Many Factors Influence Happiness
At every period in the life span, happiness is influenced by a number of factors. This is in part responsible for the variation in happiness at different ages and also for the fact, discussed above, that happiness at one age does not necessarily guarantee happiness at other ages. The most common and important of the factors are given and briefly explained below:
Factors Influencing Happiness
Good health enables people at all ages to do what they want to do, while poor health or a physical disability is an obstacle to the satisfaction of their wants and needs and, as such, affects their happiness unfavourably.
Physical attractiveness contributes to social acceptance and affection and often leads to greater achievements than would be possible if the individual were less attractive.
Degree of Autonomy
The greater the autonomy people can achieve, the greater their chances for happiness. This is as true of early childhood as it is of the adult years.
Interactional Opportunities Outside the Family
Because of the high social value placed on popularity, people at all ages are happier if they have opportunities for social contacts with outsiders than if their social contacts are limited to family members.
Type of Work
The more routine the work and the fewer opportunities for autonomy in it, the less satisfying it will be. This is just as true of chores assigned to children as work in the adult years.
Whether in school or in a job, the more successful the person is in the work being done and the more prestige there is in the work being done and the more prestige there is associated with it, the greater the satisfaction.
When the pattern of living enables the person to have interactions with others, either in the family or with friends and neighbors in the community, it adds greatly to life satisfactions.
It is not material possessions, per se, that influence happiness but the way people feel about them.
Balance between Expectations and Achievements
If expectations are realistic the person will be satisfied and happy when the goal has been reached.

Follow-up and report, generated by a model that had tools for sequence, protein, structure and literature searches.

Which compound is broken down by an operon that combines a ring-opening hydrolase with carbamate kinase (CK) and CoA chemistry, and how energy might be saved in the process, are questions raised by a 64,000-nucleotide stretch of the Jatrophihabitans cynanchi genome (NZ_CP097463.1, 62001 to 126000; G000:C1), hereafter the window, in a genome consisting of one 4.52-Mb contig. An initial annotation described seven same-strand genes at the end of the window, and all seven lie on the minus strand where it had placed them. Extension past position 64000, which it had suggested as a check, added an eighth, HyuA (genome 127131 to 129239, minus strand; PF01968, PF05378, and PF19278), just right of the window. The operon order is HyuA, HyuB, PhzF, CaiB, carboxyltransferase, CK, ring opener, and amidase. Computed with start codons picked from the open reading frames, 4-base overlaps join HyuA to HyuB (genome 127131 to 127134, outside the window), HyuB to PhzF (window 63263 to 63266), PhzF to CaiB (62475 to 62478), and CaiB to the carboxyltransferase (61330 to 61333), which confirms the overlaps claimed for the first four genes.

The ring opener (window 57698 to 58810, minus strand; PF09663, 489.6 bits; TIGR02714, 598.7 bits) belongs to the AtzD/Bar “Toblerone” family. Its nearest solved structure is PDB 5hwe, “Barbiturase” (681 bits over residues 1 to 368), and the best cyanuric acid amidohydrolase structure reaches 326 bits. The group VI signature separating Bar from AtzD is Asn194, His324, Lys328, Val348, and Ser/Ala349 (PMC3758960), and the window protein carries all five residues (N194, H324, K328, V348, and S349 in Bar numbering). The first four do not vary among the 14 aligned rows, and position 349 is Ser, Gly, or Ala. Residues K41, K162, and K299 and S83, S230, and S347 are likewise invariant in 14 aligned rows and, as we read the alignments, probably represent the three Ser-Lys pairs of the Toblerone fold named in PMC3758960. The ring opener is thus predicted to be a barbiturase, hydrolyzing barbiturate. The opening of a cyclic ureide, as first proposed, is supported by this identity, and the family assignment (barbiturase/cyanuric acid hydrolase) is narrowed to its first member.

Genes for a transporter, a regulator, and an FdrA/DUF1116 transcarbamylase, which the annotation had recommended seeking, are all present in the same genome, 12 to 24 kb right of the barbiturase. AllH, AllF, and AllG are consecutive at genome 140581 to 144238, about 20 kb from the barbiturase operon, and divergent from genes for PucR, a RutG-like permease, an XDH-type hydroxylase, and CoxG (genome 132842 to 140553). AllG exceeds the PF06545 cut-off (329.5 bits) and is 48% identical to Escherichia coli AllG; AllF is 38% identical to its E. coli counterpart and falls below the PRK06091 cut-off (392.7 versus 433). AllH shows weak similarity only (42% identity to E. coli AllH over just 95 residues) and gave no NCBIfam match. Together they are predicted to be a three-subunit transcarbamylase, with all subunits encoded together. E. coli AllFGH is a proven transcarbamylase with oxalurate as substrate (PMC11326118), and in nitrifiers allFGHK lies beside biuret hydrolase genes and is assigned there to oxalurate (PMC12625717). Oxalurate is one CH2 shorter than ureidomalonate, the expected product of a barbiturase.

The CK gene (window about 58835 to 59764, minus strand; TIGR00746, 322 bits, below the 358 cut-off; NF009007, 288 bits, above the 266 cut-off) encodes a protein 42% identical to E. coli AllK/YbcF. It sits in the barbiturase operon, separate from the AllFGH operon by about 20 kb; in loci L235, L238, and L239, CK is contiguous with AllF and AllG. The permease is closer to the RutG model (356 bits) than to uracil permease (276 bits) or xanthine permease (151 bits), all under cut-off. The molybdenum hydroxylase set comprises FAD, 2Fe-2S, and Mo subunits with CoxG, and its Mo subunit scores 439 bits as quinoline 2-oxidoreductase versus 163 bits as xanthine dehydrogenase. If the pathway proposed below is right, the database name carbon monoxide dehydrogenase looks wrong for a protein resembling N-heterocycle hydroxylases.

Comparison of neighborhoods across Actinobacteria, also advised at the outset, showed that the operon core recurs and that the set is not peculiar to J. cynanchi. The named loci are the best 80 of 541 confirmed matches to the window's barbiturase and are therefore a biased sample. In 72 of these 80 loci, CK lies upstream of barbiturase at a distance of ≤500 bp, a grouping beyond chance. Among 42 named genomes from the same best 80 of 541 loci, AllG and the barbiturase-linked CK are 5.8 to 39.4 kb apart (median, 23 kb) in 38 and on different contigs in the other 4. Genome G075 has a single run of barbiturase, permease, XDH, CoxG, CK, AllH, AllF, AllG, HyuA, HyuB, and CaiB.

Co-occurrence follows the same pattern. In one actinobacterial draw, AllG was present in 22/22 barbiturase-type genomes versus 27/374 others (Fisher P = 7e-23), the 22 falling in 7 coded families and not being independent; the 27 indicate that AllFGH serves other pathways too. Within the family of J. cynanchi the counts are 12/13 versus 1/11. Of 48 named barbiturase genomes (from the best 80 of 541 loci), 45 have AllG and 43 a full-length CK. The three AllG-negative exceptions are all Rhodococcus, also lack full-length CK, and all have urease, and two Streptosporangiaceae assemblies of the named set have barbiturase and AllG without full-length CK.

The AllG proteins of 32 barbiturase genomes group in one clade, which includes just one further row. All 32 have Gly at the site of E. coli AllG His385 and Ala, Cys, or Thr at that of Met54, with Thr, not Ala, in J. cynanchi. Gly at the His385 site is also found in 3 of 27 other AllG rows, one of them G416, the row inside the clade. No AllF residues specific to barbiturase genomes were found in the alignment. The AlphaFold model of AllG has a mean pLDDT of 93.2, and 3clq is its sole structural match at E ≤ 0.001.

Well-adjusted, happy people express negative emotions, such as fear, anger, and jealousy, less often and with less intensity – and with more focus and direction – than do those who are poorly adjusted and unhappy.
Attitude toward an Age Period
How happy people will be at a particular age will be determined partly by their own childhood experiences with other people at that age and partly by cultural stereotypes.
Realism of Self-Concepts
People who believe their abilities to be greater than they actually are unhappy when they fail to reach their goals. Their unhappiness is intensified by feelings of inadequacy and by the belief that they are misunderstood and mistreated.
Realism of Role Concepts
People tend to romanticize a role they will play at a later age. If the new role does not live up to their expectations, they will be unhappy unless they are willing to accept the realities of the new role. As a group, children and adolescents tend to have more unrealistic role concepts than adults. This contributes to unhappiness at these age levels.
The relative importance of these factors depends on the individual and the individual’s age. Meltzer and Ludwig reported that happiness at different periods in the adult years was remembered as being due to family, marriage, good health, and achievements, while unhappiness was associated with illness, physical injuries, death of a loved one, unsuccessful work experiences, and failure to reach golas.